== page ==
ticket in ticket out

No evidence ticket in-ticket out gaming has increased gambling, Clubs ACT says

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A form of cashless gaming quietly approved by the ACT Government last year has not resulted in an increase in gambling on poker machines, according to the organisation representing registered clubs in Canberra.

Last September Gaming Minister Joy Burch approved ticket in-ticket out (TITO) gaming, in which the winnings from a poker machine can be entered into another machine, rather than first having to be recouped in cash.

It followed a recommendation from the ACT Gambling and Racing Commission and brought the ACT into line with regulations already in place in New South Wales and Queensland.

Clubs ACT chief executive Jeff House, whose organisation represents the ACT’s registered clubs, said there was no evidence the move had led to an increase in problem gambling.

“Canberra’s independent regulator, the Gaming and Racing Commission, examined TITO which has operated in other states for quite some time now,” he said.

“[They] found no evidence that this is going to mean anything for problem gambling, and this is borne out by the fact that since it was introduced, revenue in clubs has actually fallen.”

He said criticisms about the changes came from parts of the community that did not believe gambling had a legitimate place in the Australian way of life.

“I appreciate that’s a view some people have but I reject the premise that policy should be formulated based on only that view,” he said.

Mr House’s comments were in response to negative reactions about the decision from Greens MLA Shane Rattenbury and welfare groups.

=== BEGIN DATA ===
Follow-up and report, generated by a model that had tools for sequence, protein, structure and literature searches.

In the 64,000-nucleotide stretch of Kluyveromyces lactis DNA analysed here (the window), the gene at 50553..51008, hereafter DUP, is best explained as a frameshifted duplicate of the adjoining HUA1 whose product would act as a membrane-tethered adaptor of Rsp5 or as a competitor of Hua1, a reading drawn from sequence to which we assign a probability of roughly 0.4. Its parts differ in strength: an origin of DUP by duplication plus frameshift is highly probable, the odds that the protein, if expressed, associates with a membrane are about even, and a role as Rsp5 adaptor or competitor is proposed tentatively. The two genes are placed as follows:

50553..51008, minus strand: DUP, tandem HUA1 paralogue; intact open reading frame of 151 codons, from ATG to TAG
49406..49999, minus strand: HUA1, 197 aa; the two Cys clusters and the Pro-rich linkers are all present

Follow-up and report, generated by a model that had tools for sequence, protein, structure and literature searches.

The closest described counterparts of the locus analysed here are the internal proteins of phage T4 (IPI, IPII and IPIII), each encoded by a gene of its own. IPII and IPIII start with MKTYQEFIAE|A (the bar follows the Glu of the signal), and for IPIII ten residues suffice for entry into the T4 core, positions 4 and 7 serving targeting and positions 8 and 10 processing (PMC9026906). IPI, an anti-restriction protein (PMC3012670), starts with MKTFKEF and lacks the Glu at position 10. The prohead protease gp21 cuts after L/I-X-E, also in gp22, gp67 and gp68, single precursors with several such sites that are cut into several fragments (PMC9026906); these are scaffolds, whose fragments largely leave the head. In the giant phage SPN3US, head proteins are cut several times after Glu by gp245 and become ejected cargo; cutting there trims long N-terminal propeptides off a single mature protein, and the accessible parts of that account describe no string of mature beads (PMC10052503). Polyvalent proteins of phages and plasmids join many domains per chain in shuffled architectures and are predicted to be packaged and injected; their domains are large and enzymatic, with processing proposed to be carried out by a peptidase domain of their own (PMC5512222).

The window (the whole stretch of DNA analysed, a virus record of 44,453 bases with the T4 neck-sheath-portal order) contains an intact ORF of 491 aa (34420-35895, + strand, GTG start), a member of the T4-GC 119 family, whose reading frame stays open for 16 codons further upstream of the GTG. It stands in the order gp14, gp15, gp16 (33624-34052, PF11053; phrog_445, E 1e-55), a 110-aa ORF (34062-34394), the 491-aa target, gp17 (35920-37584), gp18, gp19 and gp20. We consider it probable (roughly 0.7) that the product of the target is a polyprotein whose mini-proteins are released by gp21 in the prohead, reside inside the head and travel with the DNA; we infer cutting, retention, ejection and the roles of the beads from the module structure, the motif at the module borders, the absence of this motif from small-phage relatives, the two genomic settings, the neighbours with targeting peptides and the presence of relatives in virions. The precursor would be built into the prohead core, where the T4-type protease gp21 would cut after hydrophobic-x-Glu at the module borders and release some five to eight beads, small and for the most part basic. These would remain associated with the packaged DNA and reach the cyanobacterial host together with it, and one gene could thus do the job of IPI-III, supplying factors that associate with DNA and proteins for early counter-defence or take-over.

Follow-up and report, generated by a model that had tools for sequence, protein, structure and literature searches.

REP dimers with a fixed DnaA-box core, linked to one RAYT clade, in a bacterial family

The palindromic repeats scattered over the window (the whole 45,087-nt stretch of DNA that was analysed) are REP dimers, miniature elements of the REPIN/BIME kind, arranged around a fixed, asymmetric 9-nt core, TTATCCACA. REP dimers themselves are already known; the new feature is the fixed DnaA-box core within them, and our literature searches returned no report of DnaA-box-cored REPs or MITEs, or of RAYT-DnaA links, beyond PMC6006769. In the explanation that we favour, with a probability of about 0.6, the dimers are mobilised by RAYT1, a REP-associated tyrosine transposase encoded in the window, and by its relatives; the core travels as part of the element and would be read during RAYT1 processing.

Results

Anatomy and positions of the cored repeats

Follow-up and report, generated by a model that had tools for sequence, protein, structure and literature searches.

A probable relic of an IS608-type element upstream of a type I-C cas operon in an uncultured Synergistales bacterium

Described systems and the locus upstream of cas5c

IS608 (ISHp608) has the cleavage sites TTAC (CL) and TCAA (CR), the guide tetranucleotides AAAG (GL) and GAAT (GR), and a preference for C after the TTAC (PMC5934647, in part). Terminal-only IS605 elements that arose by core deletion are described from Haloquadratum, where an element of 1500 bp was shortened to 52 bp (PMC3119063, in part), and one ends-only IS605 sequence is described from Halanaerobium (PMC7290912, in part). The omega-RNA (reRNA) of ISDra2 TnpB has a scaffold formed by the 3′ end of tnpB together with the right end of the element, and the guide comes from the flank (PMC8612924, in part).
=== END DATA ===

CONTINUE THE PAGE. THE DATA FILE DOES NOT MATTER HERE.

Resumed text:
‘More steps to support problem gamblers needed’

Mr Rattenbury said he was concerned by reports of changes to the TITO policy and about the impact it could have on problem gambling.

“Removing barriers and physical interactions can effectively make it easier for problem gamblers to spend more money and prevents intervention from staff trained to indentify problem gamblers,” he said.

“The principle behind the ACT’s current ATM restrictions ($250 maximum cash out) is to encourage human interaction and increase barriers to constant gaming.

“However, industry advice to licensed venues suggests that TITO technology decreases the number of hand pays, resulting in longer periods of gaming machine operation and a reduction in face-to-face interaction by easing the transition from one gaming machine to another.

“We need to be taking more steps to support problem gamblers and reduce the opportunities for problem gambling to occur.”

Mr Rattenbury said the policy change seemed contrary to that approach and he would be seeking further advice from relevant experts in the field.

On Friday, Ms Burch said gaming machine revenue had continued to steadily decline since TITO was introduced late last year.

“The commission has been monitoring the use of TITO and I am advised that gaming machine revenues are continuing recent trends of decline indicating that patrons are not spending more than previously,” she said.

“Total gross gaming revenue in November and December 2014 was $1.8 million less than at the same time in 2013.”

Ms Burch was criticised earlier this year for unilaterally allowing the ATM withdrawal limit in clubs to be increased from $20 to $50, a move that has since been overturned.

A form of cashless gaming quietly approved by the ACT Government last year has not resulted in an increase in gambling on poker machines, the organisation representing registered clubs says.


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